Howard Scott is Head of Digital at the National Trust, as well as an Executive Director of BIMA and a visiting lecturer on digital marketing at Southampton University. He explains how the National Trust approaches its online community and how brands can develop deeper relationships with audiences
How important is the National Trust’s online community?
It’s immensely important. As a member organisation we have a special relationship with all our supporters, whether they’re members or not, and social media is a core way of talking to people. The way we engage and how people engage with us is the key driver of all our community-based interactions. Of late we’re probably less concerned with the pure numbers we reach through social. I’d almost call that a slightly old fashioned metric. But engagement is key to what we’re doing.
What specific steps have you taken to extend that community?
There’s no one specific step I’d point to. But we’ve really switched from focusing on the quantity of outbound broadcast content to the quality. We’ve actually reduced the amount of content we post on channels like Facebook, and paid more attention to what our community have been responding to. We’re really listening to their desires and concerns. By posting less, we’re actually doing a lot more with them as the right content at the right time encourages much stronger engagement levels. That’s part of our core strategy. What we’re striving for are real relationships with people.
Now that most brands have moved on from simply pursuing ‘Likes’, follows etc., what constitutes quality engagement or interaction?
Real-world conversations. If we post content on social media, quality engagement means people respond by posting their own pictures or talking to us directly. Just having people click the ‘Like’ button doesn’t mean very much. We want people to truly engage. Even telling us they’re not happy with something is a really valuable way to start a dialogue. In the last six months we have invested in our social media team. We can now get involved in more conversations and we also have a proactive outreach programme which helps us introduce the Trust to new audiences.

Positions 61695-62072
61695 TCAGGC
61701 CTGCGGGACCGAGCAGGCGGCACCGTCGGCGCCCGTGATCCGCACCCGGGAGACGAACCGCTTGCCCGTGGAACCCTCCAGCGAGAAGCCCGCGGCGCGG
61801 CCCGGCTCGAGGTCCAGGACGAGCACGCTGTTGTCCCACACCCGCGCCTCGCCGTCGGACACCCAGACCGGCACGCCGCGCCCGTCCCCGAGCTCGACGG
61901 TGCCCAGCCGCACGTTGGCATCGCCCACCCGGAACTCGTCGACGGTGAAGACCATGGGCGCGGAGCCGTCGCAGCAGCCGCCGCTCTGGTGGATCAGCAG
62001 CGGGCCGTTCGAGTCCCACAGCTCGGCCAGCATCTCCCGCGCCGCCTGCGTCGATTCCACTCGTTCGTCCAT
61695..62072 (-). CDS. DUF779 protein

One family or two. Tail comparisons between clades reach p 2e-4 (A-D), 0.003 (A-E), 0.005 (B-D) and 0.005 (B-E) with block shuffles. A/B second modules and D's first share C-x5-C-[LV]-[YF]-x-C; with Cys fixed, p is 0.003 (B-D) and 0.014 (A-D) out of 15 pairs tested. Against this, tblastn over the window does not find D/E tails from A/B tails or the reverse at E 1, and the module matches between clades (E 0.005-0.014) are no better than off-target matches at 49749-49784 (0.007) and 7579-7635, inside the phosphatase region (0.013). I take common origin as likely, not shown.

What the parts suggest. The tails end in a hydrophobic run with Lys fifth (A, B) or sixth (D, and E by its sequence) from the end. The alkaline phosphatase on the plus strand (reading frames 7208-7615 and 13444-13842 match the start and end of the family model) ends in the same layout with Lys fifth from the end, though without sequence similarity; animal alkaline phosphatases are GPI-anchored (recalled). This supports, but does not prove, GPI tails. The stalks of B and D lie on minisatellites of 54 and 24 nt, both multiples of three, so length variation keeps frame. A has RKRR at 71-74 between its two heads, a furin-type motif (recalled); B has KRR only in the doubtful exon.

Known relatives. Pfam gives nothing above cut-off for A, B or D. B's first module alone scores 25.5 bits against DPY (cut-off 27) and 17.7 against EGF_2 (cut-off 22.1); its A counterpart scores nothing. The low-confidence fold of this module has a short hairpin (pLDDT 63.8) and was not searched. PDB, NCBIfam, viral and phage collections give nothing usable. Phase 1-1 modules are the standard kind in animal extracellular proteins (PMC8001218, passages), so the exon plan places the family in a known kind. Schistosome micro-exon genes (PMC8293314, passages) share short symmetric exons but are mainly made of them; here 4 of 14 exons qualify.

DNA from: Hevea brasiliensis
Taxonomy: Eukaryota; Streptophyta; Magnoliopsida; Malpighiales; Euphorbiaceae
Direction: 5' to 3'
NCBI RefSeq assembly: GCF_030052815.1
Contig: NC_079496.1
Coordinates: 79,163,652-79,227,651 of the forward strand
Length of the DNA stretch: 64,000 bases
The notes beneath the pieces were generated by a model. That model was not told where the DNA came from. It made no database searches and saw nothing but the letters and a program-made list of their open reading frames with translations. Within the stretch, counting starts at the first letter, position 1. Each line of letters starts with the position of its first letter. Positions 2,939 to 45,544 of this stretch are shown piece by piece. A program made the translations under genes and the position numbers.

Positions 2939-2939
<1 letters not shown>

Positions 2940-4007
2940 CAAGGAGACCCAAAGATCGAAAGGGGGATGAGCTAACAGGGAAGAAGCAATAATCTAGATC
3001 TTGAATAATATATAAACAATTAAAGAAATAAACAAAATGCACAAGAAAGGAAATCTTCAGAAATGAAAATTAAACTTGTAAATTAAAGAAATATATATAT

How do you recommend measuring a community’s value?
For us it’s based around how people engage with us, their propensity to visit and whether they recommend us to friends. What we don’t tend to focus on is a basic spend-versus-number-of-people-engaged metric. That’s not the ROI model we subscribe to. In the future, the place we’re heading to is a much deeper integration of social stats with our other analytics platforms. We see social not just as one of the channels we work in, but as a keychannel. It plays a huge role.
If you had any tips for brands who want to develop deeper relationships with their communities, what would they be?
I’m loathe to say ‘content is king’ because it’s such a terrible cliché, but you do need to understand the role content has in two fields. First, what does your audience want to hear from you? Secondly, how does it communicate your business objectives? Content requires an audience-led approach but still needs to communicate those business objectives. Think about how you bring stories to life, how they convey your purpose and then respond to your audience in the best way. Understanding the importance of different channels and devices at different stages of our customer journey is also very important. One size does not fit all. Lastly, there are three words I’ve been using a lot at the National Trust recently: storytelling, devices and relevance. Those are really the three pillars that hold up everything we do.
Interview by Jon Fortgang